Tales of the Coast
America's Coasts


Drowned Valley Coast

Drowned valley coasts are also known as estuaries. Estuaries are confined bodies of water that occupy the drowned valleys of rivers that are not currently building open-coast deltas. The estuarine environment can also be defined as the complex of lagoon-bay-inlet-tidal flat and marsh that make up 80 to 90 percent of the U.S. Atlantic and Gulf Coasts.

During periods of lowered sea level, rivers incised the lower reaches of their valleys and discharged increasing amounts of sediment out onto the shelf. Deltas accumulated and fluvial channels were cut, dissecting parts of the delta plain. At the lowest stands of sea level, estuaries almost disappeared and were confined to river valleys. When sea level rose again, the valleys were flooded and the estuaries reappeared.

The largest drowned valley coasts in the U.S. are the Chesapeake and Delaware Bays on the Atlantic coast. Barriers and drowned valleys continue south to Miami, Florida, along the Atlantic coast.


Drowned Valley Types

Estuaries can be wave-dominated or tide-dominated. Wave-dominated estuaries are characterized by high wave energy compared to tidal influence. Waves cause sediment to move alongshore and onshore into the mouth of the estuary, forming sandbars or subaerial barriers and spits. The barrier prevents most of the wave energy from entering the central basin. At the head of the estuary, the river deposits sand and gravel, forming a bay-head delta.

Tide-current energy is greater than wave energy at the mouth of tide-dominated estuaries, resulting in the development of elongate sandbars. The bars dissipate wave energy, helping to protect the inner portions of the estuary. A bay-head delta is usually not present in the river-dominated portion of tidally dominated estuaries. Instead, the river channel merges directly into a single or a series of tidal channels that eventually reach the sea.

The shape of the flooded valley and the pre-existing geology also control the size of the estuary and the nature of sediment deposition. For example, tidal-wave amplification is less likely to occur in irregular valleys. The resulting estuaries are more likely to become wave-dominated. The Chesapeake Bay, with its extensive system of tributary valleys, is an example of this type.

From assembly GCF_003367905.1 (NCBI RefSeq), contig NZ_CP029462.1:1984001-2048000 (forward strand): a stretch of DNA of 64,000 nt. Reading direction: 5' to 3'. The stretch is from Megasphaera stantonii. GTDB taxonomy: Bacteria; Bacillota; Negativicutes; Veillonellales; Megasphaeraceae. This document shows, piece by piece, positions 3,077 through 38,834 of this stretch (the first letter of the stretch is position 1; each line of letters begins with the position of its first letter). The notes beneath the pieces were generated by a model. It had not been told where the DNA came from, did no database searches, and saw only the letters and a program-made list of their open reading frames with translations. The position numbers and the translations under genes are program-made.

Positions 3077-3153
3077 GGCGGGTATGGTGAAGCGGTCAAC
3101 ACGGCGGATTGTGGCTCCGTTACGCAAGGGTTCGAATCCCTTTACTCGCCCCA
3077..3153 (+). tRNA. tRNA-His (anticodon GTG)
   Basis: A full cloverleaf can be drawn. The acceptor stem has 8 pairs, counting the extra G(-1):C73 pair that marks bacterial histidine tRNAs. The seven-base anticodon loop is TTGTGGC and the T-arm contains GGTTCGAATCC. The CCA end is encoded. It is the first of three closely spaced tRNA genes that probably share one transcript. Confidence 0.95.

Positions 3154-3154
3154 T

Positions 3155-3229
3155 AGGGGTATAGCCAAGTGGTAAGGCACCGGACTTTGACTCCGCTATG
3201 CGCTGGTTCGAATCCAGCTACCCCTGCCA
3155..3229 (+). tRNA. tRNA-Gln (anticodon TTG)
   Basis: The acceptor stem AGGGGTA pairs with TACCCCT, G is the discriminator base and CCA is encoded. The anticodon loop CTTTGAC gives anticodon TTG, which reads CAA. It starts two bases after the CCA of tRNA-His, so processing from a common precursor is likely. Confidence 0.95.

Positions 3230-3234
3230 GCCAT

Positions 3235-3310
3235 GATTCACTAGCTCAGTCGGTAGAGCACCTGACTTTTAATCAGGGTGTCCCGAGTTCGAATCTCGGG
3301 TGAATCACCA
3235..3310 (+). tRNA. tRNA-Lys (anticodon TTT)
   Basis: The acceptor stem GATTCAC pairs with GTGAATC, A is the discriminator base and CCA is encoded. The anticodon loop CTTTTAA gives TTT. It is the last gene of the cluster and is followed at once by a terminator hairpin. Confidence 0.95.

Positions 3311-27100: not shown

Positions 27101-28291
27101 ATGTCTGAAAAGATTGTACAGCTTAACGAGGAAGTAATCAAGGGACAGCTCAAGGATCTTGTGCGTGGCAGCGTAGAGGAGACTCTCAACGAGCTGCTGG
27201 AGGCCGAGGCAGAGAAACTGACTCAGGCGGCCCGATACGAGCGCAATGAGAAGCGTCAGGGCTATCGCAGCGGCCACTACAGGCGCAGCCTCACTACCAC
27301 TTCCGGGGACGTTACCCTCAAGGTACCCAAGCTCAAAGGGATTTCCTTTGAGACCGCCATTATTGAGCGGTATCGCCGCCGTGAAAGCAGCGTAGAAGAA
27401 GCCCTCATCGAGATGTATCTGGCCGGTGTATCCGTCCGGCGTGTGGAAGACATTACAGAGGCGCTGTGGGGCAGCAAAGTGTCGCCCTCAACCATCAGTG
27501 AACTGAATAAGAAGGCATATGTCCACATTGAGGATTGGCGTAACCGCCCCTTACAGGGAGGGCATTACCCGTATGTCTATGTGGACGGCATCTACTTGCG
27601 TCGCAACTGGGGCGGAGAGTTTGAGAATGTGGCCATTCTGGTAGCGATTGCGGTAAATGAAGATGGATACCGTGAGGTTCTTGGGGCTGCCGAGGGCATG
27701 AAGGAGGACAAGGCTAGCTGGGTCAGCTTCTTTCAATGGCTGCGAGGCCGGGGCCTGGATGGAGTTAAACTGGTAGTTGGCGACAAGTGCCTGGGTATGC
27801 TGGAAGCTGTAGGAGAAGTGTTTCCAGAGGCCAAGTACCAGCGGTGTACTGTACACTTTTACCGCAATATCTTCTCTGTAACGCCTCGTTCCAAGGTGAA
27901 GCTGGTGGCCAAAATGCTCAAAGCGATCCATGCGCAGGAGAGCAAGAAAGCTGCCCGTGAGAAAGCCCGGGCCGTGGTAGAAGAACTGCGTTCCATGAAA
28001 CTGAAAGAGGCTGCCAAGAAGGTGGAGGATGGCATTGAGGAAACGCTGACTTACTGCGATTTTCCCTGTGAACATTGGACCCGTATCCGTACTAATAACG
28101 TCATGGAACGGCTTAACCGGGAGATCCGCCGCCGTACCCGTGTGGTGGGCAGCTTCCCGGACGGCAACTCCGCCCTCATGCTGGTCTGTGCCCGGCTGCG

Drowned Valley Sediments

Because estuaries occupy drowned river valleys, they function as sinks for enormous volumes of sediment. Estuarine sediments are derived from various sources including rivers, the continental shelf, local erosion and biological activity. Sedimentation is controlled by tides, river flows, waves and meteorology.

The low-energy conditions of estuaries, as opposed to those found on open coasts, allow for the deposition of fine-grained silts, muds, clays and biogenic materials. Estuarine sediments are typically soft and tend to be deposited on smooth surfaces that limit turbulence of the moving water. When allowed to accumulate, these materials consolidate and undergo various chemical and organic changes, eventually forming cohesive sediments.

Aerial photo of a drowned valley coast

Drowned Valley Coasts

Pritchard (1967) defined an estuary, a drowned valley coast, as a body of water where "...seawater is measurably diluted with fresh water derived from land drainage."

Estuary Volume

Coastal plain gradient, part of the overall plate tectonic setting, is one factor that determines estuary volume. Sea level rise over a flat coastal plain on a passive margin like the Gulf of Mexico creates long estuaries with large volume.

Drowned Valley Sediments

The Chesapeake and Delaware Bays feature shores with smooth, low-sloping profiles, turbid water along the shores, and vegetated backshores and mud flats that are exposed at low tide.